Perhaps it is ironic that I, as a social scientist and an atheist, whatever that means, consider joining a church or temple. It might be said that I am a weak atheist, because even though I reject the notion of a single God, I tend to waver between agnosticism and a mystical faith in the existence of a soul. I'm not sure if I have a soul, and my sense is that the question cannot be answered definitively before I die... but I do sometimes sense the presence of some spark connecting individuals which seems greater than any one of us, and which might outlast my brief lifetime on the planet. This collective soul, so to speak, might be some type of collective consciousness out of which individual souls sometimes emerge. Perhaps my notion is closer to Hindu thinking about Brahman than to a Buddhist teaching, though it's also possible that there are Buddhist sects and variants I haven't discovered yet which hold similar beliefs, because of the connections between Hindu and Buddhist philosophies as they developed over the last millenium.

Perhaps my longing for allies creates the illusion of such a collective consciousness -- my suffering leads me to delusional perceptions of the possibility of something beyond the natural world. Perhaps my seeking allies is merely a sign of hubris -- an unwillingness to accept that suffering is ubiquitous and there is no higher power who can prevent it. Perhaps I'm deluding myself in thinking that if I take action to relieve the suffering of others, I may suffer less myself, or at least, feel more joy, through the raindrops of suffering that fall on us all. Perhaps, as my husband says, my desire to do good things for others in the world is just the residue of an upbringing tinged with Catholic guilt.

Nevertheless, if anyone has any suggestions for where to find allies in my desire to take effective collective action in favor of equality, justice, and the long-run best-interests of humanity and the planet, I'm open for suggestions.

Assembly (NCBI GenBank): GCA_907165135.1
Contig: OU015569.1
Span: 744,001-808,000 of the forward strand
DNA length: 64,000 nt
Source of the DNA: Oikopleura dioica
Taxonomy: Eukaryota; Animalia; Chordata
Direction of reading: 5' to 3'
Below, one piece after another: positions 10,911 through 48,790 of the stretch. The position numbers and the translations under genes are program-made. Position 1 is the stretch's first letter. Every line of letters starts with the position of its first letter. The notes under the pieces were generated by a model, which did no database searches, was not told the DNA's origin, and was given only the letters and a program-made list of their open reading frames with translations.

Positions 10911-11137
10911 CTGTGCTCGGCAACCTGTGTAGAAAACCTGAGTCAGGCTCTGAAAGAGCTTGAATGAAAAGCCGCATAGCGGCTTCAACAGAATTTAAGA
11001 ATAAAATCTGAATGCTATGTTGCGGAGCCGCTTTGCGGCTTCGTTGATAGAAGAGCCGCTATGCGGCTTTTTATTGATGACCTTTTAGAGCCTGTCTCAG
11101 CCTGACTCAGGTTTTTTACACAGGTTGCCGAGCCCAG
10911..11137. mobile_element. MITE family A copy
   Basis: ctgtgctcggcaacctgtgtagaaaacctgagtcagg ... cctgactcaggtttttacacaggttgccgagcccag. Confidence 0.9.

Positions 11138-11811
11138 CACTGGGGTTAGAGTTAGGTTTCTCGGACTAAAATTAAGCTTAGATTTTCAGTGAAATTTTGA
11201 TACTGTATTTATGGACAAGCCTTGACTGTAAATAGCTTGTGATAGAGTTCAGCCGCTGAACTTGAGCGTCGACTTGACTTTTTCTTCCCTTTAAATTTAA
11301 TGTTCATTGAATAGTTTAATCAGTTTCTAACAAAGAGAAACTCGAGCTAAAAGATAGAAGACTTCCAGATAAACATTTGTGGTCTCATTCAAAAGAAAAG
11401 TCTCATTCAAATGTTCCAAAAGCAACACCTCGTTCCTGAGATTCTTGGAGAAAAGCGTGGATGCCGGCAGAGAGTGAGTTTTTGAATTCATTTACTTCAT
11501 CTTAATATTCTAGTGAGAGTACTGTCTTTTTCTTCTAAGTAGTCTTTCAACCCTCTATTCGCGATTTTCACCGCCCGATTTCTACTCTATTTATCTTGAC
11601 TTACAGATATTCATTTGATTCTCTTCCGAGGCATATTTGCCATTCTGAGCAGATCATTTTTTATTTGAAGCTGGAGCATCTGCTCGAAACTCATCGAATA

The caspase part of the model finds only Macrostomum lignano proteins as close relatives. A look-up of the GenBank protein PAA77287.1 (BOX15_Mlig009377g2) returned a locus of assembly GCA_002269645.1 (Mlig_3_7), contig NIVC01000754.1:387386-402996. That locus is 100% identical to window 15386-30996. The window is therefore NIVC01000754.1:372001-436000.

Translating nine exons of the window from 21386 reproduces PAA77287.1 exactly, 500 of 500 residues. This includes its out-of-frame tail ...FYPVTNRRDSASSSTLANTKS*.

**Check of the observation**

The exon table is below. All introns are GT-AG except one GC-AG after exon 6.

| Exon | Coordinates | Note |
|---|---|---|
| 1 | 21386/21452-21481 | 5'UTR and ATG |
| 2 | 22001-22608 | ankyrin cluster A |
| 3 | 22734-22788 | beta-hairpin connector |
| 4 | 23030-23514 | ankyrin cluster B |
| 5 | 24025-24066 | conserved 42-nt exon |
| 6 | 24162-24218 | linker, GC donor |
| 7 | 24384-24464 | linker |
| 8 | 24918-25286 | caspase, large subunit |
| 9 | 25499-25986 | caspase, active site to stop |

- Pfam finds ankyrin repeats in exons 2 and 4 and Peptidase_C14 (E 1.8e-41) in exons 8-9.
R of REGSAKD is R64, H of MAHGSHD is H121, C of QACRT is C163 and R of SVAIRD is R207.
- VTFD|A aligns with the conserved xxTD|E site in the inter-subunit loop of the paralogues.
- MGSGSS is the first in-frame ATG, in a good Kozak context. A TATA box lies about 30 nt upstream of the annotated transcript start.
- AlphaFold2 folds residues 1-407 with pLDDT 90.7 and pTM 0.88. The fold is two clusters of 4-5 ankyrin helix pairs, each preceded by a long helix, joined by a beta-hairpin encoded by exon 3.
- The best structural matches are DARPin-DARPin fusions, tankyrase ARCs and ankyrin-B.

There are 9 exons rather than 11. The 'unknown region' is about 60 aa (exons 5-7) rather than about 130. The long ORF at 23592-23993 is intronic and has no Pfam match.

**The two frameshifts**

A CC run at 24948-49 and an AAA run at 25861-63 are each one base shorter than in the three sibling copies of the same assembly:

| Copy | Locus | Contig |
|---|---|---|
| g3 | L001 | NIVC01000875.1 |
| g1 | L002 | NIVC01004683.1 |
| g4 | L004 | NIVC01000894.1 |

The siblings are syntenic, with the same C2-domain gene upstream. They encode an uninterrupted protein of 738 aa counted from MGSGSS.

Rebuilding New Orleans with a wifi network

I had missed this post by Youngjin Yoo about the plan to blanket New Orleans in wifi, which I think is a wonderful way to go about rebuilding downtown in a new and better way. As Professor Yoo writes, however, there are questions about how it will be implemented:

"This is an interesting idea, but leaves several questions."

"1. Does New Orleans have full power throughout the city? Do they have other basic infrastructure in place? Or is free WiFi being considered a part of basic infrastructure now?"


"3. It is one thing to have free WiFi throughout the city, but it is another to have plans how to use them. Even if you build them, they may not come, or will they?"

Click through the first link above to read the full original post by my colleague.

My research focus

For the record:

My work centers on how relationships enable productive organizational and social change.

I have published seven peer-reviewed papers connected to this overarching interest, and in the next year or so two books of contributed chapters will appear which I edited with colleagues.

The most significant papers include the following:

Ashford, Susan J.; Rothbard, Nancy P.; Piderit, S. K.; & Jane E. Dutton. 1998. “Out on a limb: The role of context and impression management in issue selling.” Administrative Science Quarterly, 43(1): 23-57. Citations tracked by scholar.google.com.

Bilimoria, Diana & S. K. Piderit. 1994. “Board committee membership: Effects of sex-based bias,” Academy of Management Journal, 37(6): 1453-77. Citations tracked by scholar.google.com.

Piderit, S. K. 2000. “Rethinking resistance and recognizing ambivalent attitudes toward organizational change: A multidimensional view.” Academy of Management Review, 25: 783-794. Citations tracked by scholar.google.com.

Solow, Daniel; Vairaktarakis, George; Piderit, S. K.; & Ming-chi Tsai. 2002. “Managerial insights into the effects of interactions on replacing members of a team.” Management Science, 48(8): 1060-1073. Citations tracked by scholar.google.com.

It appears that I may get my ticket punched to play another round in the publish-or-perish game. So now it's up to me to decide whether to ante up for the next hand of cards, or to fold, cash in my chips, and find another game to play.

What'd'ya think, folks, should I try to remake my good-ole Cal Ripken self into a Jim Thome? And can I do it without moving to Philly?

the political nuances of headline writing and story placement

I find it interesting that it was an Australian newspaper that lead with the headline 30,000 civilians dead: Bush, while most US papers seem to have used a headline more in keeping with the scripted Presidential message from Bush's speech in Philadelphia; see, for example, the Reuters story, entitled Bush says Iraq democracy turning point in Mideast.